2. Pneumoconiosis increases the risk of congestive heart failure: A nationwide population-based cohort study.

    PubMed

    Yen, Chia-Ming; Lin, Cheng-Li; Lin, Ming-Chia; Chen, Huei-Yong; Lu, Nan-Han; Kao, Chia-Hung

    2016-06-01

    The purpose of the study was to determine the relationship between pneumoconiosis and congestive heart failure (CHF).We collected data from the National Health Insurance Research Database in Taiwan. The study sample comprised 8923 patients with pneumoconiosis and 35,692 nonpneumoconiosis controls enrolled from 2000 to 2011. Patients were followed up until the end of 2011 to evaluate the incidence of CHF. The risk of CHF was analyzed using Cox proportional hazard regression models, and the analysis accounted for factors such as sex, age, comorbidities, and air pollutants (μg/m).The overall incidence of CHF was higher in the pneumoconiosis cohort (15.7 per 1000 person-y) than in the nonpneumoconiosis cohort (11.2 per 1000 person-y), with a crude hazard ratio (HR) of 1.40 (P < 0.001). The HR for CHF was 1.38-fold greater in the pneumoconiosis cohort than in the nonpneumoconiosis cohort (P < 0.001) after the model was adjusted for age, sex, various comorbidities, and air pollutants (μg/m). The relative risk for CHF in the sex-specific pneumoconiosis cohort compared with the nonpneumoconiosis cohort was significant for men (adjusted HR = 1.40, 95% confidence interval = 1.21-1.62, P < 0.001). The incidence density rates of CHF increased with age; pneumoconiosis patients had a higher relative risk of CHF for all age group.Patients with pneumoconiosis were at higher risk for developing CHF than patients in the nonpneumoconiosis cohort, particularly in cases with coexisting coronary artery disease, hypertension, and chronic obstructive pulmonary disease.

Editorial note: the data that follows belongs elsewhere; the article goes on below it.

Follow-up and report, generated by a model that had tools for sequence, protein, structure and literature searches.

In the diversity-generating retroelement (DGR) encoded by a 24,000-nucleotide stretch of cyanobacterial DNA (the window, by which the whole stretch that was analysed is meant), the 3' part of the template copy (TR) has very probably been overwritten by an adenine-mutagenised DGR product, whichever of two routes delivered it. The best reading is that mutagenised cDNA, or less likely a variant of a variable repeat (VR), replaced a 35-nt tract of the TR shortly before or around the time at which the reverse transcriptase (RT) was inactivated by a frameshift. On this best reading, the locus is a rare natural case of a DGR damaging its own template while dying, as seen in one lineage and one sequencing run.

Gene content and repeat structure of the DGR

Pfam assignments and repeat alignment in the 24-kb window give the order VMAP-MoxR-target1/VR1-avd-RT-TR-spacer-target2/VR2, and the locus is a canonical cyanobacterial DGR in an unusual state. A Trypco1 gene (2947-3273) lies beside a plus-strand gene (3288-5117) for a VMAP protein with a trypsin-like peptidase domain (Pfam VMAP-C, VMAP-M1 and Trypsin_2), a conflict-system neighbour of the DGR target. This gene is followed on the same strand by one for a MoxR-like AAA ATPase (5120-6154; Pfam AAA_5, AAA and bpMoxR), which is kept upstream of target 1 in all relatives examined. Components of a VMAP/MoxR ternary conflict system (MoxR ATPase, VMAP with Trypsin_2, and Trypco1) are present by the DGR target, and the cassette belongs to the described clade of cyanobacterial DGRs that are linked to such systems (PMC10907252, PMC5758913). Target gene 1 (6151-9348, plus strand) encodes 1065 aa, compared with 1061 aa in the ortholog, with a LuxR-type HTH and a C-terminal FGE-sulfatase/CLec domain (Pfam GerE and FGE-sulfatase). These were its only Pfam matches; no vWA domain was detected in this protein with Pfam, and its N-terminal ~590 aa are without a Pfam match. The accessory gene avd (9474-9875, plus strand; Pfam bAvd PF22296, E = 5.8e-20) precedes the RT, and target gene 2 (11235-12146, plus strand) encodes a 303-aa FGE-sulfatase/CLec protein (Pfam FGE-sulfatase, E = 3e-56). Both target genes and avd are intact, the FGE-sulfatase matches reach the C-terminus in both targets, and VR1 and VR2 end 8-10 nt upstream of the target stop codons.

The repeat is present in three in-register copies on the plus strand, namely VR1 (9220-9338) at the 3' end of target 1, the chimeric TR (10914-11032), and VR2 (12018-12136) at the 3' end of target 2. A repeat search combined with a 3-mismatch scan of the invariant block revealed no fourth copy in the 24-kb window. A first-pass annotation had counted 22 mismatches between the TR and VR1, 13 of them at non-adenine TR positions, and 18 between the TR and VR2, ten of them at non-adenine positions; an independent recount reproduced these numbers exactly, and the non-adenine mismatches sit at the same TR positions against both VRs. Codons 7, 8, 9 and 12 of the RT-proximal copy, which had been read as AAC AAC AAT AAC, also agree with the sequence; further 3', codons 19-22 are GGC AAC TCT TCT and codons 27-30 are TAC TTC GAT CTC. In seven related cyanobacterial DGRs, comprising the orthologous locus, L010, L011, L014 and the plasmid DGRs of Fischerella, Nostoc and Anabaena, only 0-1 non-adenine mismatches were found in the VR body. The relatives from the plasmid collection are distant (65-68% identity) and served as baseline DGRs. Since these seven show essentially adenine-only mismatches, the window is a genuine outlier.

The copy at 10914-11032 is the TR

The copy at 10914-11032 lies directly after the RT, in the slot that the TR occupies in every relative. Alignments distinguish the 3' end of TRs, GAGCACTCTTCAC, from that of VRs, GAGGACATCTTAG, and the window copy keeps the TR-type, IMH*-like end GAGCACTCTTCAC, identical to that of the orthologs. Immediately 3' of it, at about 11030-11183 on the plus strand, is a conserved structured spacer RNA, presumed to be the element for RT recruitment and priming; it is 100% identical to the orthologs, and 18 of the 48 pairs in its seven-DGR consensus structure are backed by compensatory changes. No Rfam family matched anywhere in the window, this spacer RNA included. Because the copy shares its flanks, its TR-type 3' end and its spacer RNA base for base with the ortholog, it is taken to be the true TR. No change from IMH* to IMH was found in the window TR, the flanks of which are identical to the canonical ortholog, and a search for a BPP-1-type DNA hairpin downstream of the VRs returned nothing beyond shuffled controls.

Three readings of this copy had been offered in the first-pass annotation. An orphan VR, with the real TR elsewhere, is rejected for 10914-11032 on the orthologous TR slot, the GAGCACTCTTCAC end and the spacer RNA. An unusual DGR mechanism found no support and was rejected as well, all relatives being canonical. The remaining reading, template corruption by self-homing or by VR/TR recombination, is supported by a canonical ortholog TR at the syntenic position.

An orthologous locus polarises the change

3. In-hospital versus out-of-hospital pediatric cardiac arrest: A multicenter cohort study

    PubMed Central

    Moler, Frank W.; Meert, Kathleen; Donaldson, Amy E.; Nadkarni, Vinay; Brilli, Richard J.; Dalton, H.J.; Clark, Robert S. B.; Shaffner, D. H.; Schleien, Charles L.; Statler, Kimberly; Tieves, Kelly S.; Hackbarth, Richard; Pretzlaff, Robert; van der Jagt, Elise W.; Levy, Fiona; Hernan, Lynn; Silverstein, Faye S.; Dean, J Michael

    2009-01-01